Pennsylvania is a state known for its iconic cultural institutions, like the Philadelphia Museum of Art, and for its important role in our history, but the state isn't afraid to show off its quirky side, either. From a house in the shape of a massive shoe, to a teeny-tiny model of America, this offbeat guide to Pennsylvania's quirkiest roadside gems will certainly fill your road trip kitsch quota!
Clyde Peeling's Reptiland
If the odder creatures of the animal kingdom are your favorite, then a trip to Clyde Peeling's Reptiland is in order. From mambas and iguanas to crocs and frogs and everything in between, this reptile-centric zoo is definitely on the offbeat side. They have nearly 40 species here, including some rare and totally wild animals like fierce red-spitting cobras, super-old galapagos turtles, exotic green anacondas, and more. Attend a talk to get up-close and personal with these strange and magnificent beasts.
Some of the most fascinating museums are the most niche, like the Zippo Museum in Bradford. It's 15,000 square feet dedicated to the iconic lighter brand, including a huge display of historic Zippos, a store, and a Zippo repair shop where you can learn just what quality means to this company. Keep your eyes peeled for the Zippo-shaped street lights lining the drive up, and the giant, 40-foot lighter on top of the building.
Dr. Doolittles Roadside Cafe
When it comes to kitsch, it doesn't get any better than Dr. Doolittle’s Roadside Cafe. It’s got mini golf, train cars where you can eat the best 50-cent hot dog of your life, laser tag, a petting zoo, and crazy milkshake flavors... and that's just the beginning. It's a true local business with friendly service that’s always adding quirky new attractions, so stop by, grab a snack, and enjoy the old-school fun.
Welcome to the weirdly named Gobblers Knob in Punxsutawney, Pennsylvania! This hunting preserve is most famous for its annual Groundhog Day celebration, where Punxsutawney Phil, the legendary groundhog, comes out every February 2nd to look for his shadow. If he does see a shadow, according to folklore, it means that the country is doomed for another six weeks of winter. If not, spring will, allegedly, arrive early. Fun fact: there's a secret society, called the Inner Circle, that cares for Phil year-round and decides whether or not he'll see his shadow in advance.
If you visit Gobblers Knob during the Groundhog Day offseason, they still leave all the Punxsutawney Phil decor up, so you can grab a photo op!
You don't need a rocket ship to defy gravity... in the town of New Paris, PA, at least. On the appropriately named Gravity Hill Road, you'll find a strange phenomenon known as a gravity hill. Park on the white line on the hill, and watch as your car appears to roll uphill. Is it a simple trick of the mind... or is there something stranger at work? Okay, fine, it's probably just a trick of the mind, but the only way to know for sure is to visit and try it yourself!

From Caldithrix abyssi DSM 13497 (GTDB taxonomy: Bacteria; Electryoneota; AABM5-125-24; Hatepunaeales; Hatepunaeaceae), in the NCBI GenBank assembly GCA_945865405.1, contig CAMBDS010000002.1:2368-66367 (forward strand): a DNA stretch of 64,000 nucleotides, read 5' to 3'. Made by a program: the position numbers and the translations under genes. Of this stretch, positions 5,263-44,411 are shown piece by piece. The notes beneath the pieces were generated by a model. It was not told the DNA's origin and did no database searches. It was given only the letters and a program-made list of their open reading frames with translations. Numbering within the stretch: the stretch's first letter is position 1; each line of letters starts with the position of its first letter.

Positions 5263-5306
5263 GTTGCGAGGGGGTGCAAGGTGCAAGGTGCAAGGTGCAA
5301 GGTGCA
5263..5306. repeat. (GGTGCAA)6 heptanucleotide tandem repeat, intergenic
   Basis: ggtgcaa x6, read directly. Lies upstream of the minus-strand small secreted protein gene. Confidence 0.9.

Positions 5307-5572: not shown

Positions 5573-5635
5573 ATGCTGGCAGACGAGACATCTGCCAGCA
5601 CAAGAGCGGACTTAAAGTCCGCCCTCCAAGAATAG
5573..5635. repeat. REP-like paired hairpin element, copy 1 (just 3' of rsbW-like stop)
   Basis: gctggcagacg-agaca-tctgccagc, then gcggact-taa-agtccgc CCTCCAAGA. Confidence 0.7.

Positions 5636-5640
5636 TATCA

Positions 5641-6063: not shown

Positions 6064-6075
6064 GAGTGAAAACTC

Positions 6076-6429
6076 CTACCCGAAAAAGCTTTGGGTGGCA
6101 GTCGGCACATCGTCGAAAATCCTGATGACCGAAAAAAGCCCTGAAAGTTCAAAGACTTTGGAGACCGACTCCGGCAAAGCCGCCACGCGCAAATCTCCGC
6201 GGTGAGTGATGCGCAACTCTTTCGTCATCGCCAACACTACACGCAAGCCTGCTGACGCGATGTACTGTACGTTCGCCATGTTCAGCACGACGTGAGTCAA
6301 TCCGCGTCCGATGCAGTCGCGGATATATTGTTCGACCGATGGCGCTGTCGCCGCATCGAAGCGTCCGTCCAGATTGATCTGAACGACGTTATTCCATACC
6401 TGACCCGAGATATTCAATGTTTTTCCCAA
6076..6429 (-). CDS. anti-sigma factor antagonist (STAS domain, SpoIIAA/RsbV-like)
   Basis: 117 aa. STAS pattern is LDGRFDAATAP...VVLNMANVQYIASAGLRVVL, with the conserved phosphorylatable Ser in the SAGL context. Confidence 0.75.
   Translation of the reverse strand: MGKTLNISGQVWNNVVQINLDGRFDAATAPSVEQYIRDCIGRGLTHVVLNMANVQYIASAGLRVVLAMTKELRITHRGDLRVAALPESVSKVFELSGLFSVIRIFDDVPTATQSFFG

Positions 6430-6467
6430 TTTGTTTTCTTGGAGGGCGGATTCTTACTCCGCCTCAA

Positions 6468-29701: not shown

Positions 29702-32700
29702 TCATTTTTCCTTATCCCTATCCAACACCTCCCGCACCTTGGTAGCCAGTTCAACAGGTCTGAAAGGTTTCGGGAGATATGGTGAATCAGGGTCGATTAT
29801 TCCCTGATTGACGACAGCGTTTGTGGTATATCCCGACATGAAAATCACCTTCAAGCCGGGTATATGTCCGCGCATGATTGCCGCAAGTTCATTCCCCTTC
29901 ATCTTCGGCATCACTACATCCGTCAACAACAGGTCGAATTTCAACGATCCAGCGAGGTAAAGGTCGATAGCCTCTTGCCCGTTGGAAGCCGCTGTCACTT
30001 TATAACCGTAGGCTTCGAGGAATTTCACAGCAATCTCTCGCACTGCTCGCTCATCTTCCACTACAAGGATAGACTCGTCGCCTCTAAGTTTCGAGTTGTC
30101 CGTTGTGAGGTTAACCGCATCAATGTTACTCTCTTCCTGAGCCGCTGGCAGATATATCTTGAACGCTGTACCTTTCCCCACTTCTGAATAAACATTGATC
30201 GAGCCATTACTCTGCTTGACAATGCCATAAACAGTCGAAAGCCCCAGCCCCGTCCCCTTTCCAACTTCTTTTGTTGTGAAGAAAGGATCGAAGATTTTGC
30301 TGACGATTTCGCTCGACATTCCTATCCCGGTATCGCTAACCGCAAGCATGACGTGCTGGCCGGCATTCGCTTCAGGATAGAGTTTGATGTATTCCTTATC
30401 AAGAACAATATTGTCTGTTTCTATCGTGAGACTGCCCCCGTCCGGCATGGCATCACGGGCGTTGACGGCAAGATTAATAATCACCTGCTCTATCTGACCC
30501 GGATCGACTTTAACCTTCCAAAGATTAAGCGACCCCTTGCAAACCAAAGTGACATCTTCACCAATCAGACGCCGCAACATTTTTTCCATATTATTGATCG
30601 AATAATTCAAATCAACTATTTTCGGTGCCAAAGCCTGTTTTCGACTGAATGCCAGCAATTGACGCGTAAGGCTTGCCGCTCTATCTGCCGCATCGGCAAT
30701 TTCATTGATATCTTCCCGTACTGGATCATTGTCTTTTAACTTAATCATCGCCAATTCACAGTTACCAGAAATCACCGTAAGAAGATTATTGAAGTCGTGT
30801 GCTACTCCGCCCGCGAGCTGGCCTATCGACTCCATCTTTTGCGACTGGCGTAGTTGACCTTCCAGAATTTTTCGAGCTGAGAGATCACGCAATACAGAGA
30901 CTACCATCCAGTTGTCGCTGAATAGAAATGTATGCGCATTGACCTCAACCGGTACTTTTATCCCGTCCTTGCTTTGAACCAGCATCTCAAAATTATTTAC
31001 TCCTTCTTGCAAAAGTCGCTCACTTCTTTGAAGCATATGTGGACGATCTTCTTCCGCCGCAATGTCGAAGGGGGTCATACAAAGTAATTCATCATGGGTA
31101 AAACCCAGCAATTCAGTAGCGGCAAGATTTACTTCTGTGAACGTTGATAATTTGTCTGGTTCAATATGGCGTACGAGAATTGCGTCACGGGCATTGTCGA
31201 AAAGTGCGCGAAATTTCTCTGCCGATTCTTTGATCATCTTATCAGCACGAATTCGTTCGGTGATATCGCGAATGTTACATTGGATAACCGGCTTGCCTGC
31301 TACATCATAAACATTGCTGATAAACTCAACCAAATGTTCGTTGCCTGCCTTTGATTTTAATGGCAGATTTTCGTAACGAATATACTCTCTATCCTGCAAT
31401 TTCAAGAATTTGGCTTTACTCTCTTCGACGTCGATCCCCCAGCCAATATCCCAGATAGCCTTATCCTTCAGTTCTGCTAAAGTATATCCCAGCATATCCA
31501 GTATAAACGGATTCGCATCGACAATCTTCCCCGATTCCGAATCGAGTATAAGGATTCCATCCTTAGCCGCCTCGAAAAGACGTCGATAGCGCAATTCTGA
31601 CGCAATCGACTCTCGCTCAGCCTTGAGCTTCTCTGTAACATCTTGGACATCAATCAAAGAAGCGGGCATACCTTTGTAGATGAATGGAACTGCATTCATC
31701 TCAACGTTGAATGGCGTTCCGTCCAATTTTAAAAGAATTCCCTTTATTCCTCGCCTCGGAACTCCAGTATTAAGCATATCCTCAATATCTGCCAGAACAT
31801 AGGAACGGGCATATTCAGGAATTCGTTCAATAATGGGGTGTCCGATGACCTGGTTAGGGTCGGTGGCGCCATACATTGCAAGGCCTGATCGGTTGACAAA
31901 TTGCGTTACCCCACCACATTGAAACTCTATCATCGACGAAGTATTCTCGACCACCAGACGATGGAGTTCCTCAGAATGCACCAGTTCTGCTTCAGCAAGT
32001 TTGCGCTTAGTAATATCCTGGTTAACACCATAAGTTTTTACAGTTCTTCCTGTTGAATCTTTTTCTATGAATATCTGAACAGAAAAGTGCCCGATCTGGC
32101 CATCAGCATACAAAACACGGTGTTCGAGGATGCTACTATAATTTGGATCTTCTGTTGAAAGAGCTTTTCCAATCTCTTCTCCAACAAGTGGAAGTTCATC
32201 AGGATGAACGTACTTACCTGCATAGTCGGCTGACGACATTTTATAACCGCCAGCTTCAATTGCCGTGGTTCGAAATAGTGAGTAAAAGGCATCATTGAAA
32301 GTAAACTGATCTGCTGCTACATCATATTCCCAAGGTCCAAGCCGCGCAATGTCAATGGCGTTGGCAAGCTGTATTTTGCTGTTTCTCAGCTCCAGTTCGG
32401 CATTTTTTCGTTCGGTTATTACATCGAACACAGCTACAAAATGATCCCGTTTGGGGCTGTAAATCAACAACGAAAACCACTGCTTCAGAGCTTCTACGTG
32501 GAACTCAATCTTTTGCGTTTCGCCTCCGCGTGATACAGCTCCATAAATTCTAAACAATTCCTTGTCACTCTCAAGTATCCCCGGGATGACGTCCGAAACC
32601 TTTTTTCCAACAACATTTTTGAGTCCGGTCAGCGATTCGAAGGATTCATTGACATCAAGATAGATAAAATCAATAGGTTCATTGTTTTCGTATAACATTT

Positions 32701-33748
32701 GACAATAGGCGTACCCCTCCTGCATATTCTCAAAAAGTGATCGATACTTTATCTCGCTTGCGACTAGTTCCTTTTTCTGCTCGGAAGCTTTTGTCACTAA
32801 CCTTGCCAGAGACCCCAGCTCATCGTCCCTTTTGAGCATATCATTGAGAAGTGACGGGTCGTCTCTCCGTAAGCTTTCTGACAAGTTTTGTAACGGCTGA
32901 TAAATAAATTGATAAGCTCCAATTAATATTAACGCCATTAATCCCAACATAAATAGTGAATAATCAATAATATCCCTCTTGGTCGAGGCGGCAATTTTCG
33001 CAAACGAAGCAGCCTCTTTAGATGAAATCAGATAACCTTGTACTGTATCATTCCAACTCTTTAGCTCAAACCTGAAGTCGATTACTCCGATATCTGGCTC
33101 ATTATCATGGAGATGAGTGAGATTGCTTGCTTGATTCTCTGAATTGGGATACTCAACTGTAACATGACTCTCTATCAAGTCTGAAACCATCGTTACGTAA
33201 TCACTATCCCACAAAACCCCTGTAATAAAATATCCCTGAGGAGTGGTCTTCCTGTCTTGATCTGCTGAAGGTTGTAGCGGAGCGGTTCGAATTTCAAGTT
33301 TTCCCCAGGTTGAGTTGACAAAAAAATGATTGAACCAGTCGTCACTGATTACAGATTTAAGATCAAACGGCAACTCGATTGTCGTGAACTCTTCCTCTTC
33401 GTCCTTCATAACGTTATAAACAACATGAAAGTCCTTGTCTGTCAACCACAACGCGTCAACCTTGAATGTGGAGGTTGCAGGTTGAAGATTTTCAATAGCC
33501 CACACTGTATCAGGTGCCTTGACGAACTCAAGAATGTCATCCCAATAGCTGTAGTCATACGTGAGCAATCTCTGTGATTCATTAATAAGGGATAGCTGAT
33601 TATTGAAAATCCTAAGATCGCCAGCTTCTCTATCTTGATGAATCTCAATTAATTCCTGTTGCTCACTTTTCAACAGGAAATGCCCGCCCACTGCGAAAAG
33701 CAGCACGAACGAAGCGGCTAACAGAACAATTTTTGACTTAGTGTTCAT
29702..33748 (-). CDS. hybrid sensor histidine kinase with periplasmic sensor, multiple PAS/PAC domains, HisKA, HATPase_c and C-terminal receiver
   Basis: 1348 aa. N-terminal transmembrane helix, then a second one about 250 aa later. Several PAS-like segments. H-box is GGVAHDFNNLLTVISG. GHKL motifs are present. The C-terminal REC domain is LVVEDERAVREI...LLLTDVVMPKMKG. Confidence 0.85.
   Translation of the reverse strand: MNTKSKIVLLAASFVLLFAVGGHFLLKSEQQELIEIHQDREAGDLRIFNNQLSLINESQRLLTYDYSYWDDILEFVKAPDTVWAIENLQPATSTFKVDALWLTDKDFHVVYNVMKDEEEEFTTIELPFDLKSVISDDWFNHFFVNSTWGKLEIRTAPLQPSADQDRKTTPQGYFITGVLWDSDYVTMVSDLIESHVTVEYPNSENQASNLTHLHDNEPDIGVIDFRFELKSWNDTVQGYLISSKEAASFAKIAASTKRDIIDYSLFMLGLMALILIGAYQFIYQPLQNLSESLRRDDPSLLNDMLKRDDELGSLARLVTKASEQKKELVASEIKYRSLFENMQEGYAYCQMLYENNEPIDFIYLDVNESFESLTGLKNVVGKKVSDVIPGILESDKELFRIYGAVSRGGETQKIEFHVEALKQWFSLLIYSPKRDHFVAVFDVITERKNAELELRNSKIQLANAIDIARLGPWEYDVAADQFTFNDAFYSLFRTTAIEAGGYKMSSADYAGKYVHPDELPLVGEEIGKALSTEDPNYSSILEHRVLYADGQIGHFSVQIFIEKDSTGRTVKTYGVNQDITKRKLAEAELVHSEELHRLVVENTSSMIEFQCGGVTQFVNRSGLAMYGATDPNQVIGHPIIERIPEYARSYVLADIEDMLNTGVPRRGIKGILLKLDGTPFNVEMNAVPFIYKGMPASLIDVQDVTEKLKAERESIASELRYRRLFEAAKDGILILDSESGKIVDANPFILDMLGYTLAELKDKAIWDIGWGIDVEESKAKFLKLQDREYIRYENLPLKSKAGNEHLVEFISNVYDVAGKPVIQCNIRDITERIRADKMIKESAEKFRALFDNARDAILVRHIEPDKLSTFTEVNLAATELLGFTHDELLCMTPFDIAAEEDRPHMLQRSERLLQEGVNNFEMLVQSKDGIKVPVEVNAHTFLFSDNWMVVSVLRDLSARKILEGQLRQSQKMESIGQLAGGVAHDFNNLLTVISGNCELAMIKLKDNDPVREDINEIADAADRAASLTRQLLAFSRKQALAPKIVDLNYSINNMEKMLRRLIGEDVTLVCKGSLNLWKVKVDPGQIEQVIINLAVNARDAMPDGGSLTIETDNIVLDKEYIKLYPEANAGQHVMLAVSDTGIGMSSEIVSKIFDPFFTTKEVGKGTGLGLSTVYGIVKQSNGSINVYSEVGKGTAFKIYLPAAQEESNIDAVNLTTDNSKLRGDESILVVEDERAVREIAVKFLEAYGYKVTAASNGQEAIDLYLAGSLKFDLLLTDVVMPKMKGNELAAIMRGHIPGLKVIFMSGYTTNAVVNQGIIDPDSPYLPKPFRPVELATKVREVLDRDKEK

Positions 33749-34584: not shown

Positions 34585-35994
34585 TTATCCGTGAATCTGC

Mister Ed's Elephant Museum
Mister Ed's Elephant Museum is a pachydermal palace dedicated to all things elephant. Featuring a collection of 12,000 elephant figures, vintage circus souvenirs, cute toys, and plenty more, it's a display that's as adorable as it is impressive. Their gardens feature an enchanted forest, birds, a fish pond, and, naturally, more elephants, and they sell delicious homemade fudge, freshly roasted jumbo peanuts, and old-fashioned candy as well. Stop by to stretch your legs and grab a snack!
Road Side America
Road Side America has been enchanting visitors since the 1930s. It's a breathtakingly detailed miniature village and railway that clocks in at 7,450 square feet, and the whole thing is fully landscaped with 300 tiny buildings, 10,000 hand-made trees and 4,000 miniature people. Weaving throughout the replica are up to 18 trains, trolleys and cable cars. Activate animated scenes as you view the village from different vantage points, each revealing new scenery, and peek inside this small world that's bursting with activity.
Choo Choo Barn
The Choo Choo Barn is another model train display that will blow you away with its size and attention to detail. In fact, new animated scenes and features are added every single year! They also tweak scenes to match the seasons and holidays, so every visit is a new experience. Plus, tons of local businesses make appearances in the display, so you can see an amazingly accurate tiny version of Dutch Wonderland, an Amish barn-raising, and the Strasburg Railroad!
You know the nursery rhyme, "There was an old woman who lived in a shoe...?” It's actually not that absurd of an idea... at least not for the couple that lives in the Haines Shoe House in York! The house is modeled after a work boot, commissioned by Mahlon Haines, who owned a boot-making business in the late 1940s.
He had the home built as a kind of an advertisement for his company, and even though he only lived in the shoe for a short time, he was able to rent it out; anyone who stayed there had access to a butler and a maid, and got a free pair of boots when they left. Today, it's owned by a real estate agent and his wife, who has touched up the house and runs the ice cream shop that's located in the arch of the boot. Stop by for a one-of-a-kind photo op and a scoop of peanut butter ripple!
Pennsylvania is a gorgeous state to road trip around, and it certainly has its fair share of odd roadside wonders to enjoy. So, pull over for some offbeat fun and experience the weird side of the Keystone State.
Life. Liberty. The pursuit of happiness. In Pennsylvania, these are not only American ideals; they are the very keystones of our way of life. Find your own piece of happiness, whether it’s in our iconic historic sites, our natural beauty, our bustling cities or our charming small towns.
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